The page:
For Many, Long COVID Looks a Lot Like Chronic Fatigue

Two cells (darker color) in a cluster being attacked by free radicals (red molecules) and undergoing oxidative stress. Johns Hopkins Medicine researchers suggest that oxidative stress may cause the similar-type symptoms seen in both long COVID and ME/CFS (formerly known as chronic fatigue syndrome). Credit: Graphic created by M.E. Newman, Johns Hopkins Medicine, using a public domain image of animal cells courtesy of the National Cancer Institute, National Institutes of Heal

 

A team of researchers, including two from Johns Hopkins Medicine, have published a review article highlighting similarities between certain lingering symptoms following COVID-19 illness — a condition called “long COVID” — and myalgic encephalomyelitis/chronic fatigue syndrome (ME/CFS), a debilitating, complex disorder previously known as chronic fatigue syndrome.

The researchers say the symptoms shared by the two conditions may involve a biological response that goes haywire when the body encounters certain infections or other environmental hazards.

“The body’s response to infection and injury is complex and covers all body systems,” says lead author Bindu Paul, Ph.D., assistant professor of pharmacology and molecular sciences at the Johns Hopkins University School of Medicine. “When that response is in disarray — even just one aspect of it — it can cause feelings of being tired, brain fog, pain and other symptoms.”

In their review, published Aug. 16, 2021, in the Proceedings of the National Academy of Sciences, Paul and her co-authors highlight the evidence seen in both acute COVID and ME/CFS of various underlying biological disorders. In particular, the researchers suggest a central role for the way cells behave when too many oxygen molecules pile up in a cell — a process called oxidative stress or redox imbalance. The team describes how redox imbalance may be connected to the inflammation and disorders of metabolism that are found in the two diseases.

Paul has previously studied the role of oxidative stress in conditions such as Huntington’s disease, Alzheimer’s disease and Parkinson’s disease.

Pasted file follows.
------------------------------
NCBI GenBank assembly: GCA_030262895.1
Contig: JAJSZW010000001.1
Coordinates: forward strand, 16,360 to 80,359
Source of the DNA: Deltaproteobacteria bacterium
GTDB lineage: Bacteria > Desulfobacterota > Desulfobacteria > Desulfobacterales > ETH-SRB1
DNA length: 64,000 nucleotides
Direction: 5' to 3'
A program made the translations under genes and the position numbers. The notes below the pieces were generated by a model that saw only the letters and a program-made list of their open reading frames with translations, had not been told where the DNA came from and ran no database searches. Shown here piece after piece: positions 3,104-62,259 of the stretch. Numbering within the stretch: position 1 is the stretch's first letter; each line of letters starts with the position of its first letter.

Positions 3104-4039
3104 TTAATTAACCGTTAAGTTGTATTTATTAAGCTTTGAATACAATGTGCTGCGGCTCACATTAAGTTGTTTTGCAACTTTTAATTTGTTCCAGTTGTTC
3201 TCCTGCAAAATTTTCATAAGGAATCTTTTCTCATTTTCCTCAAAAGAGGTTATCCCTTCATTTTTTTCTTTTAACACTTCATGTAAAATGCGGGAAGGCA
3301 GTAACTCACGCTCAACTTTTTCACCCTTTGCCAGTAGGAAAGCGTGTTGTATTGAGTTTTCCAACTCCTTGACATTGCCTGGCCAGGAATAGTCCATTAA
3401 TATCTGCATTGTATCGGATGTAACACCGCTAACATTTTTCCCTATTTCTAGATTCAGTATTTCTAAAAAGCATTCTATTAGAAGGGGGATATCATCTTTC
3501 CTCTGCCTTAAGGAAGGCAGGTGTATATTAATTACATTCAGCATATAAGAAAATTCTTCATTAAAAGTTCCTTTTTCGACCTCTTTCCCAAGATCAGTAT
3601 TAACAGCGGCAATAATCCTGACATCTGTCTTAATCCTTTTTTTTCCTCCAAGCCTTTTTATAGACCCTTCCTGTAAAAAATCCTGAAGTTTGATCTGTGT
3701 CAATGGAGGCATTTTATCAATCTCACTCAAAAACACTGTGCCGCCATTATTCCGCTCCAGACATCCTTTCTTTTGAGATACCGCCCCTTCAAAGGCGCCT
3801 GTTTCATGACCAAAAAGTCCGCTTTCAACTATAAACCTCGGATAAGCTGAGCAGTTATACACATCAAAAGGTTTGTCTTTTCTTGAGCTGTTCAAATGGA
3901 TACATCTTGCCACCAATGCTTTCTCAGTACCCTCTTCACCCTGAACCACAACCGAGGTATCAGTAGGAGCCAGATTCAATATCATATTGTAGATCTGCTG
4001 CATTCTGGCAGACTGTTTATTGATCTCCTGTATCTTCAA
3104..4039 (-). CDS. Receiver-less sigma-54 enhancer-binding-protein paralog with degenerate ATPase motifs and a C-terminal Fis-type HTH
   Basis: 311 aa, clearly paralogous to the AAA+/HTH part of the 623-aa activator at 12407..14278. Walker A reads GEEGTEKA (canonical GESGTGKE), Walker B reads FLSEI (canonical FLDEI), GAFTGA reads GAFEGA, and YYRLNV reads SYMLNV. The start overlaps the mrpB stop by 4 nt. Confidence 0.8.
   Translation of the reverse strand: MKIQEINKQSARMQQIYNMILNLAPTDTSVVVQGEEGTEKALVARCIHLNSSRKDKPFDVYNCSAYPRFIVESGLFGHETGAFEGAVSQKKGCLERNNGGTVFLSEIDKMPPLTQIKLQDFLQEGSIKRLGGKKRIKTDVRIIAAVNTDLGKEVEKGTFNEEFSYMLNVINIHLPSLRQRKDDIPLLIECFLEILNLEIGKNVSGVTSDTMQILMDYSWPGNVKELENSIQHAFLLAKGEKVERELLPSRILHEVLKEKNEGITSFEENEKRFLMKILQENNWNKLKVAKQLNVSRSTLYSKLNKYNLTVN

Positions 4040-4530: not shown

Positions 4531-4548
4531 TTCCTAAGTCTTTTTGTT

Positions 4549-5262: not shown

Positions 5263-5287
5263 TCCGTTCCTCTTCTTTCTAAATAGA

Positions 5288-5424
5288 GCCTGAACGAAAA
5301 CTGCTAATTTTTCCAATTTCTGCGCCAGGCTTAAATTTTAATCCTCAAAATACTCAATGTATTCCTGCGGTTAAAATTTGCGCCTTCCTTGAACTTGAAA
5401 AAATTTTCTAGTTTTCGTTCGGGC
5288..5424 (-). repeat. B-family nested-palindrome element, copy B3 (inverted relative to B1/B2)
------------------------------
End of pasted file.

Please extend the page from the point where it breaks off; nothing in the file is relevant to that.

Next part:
As of August 2021, approximately 36 million Americans have been diagnosed with COVID-19. “We do not yet know how many of these patients will experience long COVID, but it’s estimated that at least 7% experience extended symptoms,” says co-author Anthony Komaroff, M.D., the Steven P. Simcox, Patrick A. Clifford and James H. Higby Distinguished Professor of Medicine at Harvard Medical School.

The expert team urges that some of the recent National Institutes of Health funding assigned to study the long-term health effects of COVID-19 be used to investigate both long COVID and ME/CFS. Those studies, they believe, could shed light on other diseases characterized by oxidative stress, inflammation and metabolic disorders.

ME/CFS is a complex condition affecting 1 million to 2.5 million people in the United States. It is characterized by a cluster of symptoms, including severe and debilitating fatigue, disrupted and unrefreshing sleep, difficulty thinking (commonly called “brain fog”), abnormalities of the autonomic nervous system and post-exertional malaise — a flare-up of multiple symptoms following physical or cognitive exertion.

In addition to Paul and Komaroff, the researchers who contributed to the review article are Marian Lemle, M.B.A., of the Solve ME/CFS Initiative (which provided partial funding for Paul’s research) and Solomon Snyder, M.D., D.Phil., D.Sc., professor of neuroscience at the Johns Hopkins University School of Medicine.

The team hopes that this scientific review will spur and help focus research on the molecular basis of both long COVID and ME/CFS.

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Rachel Butch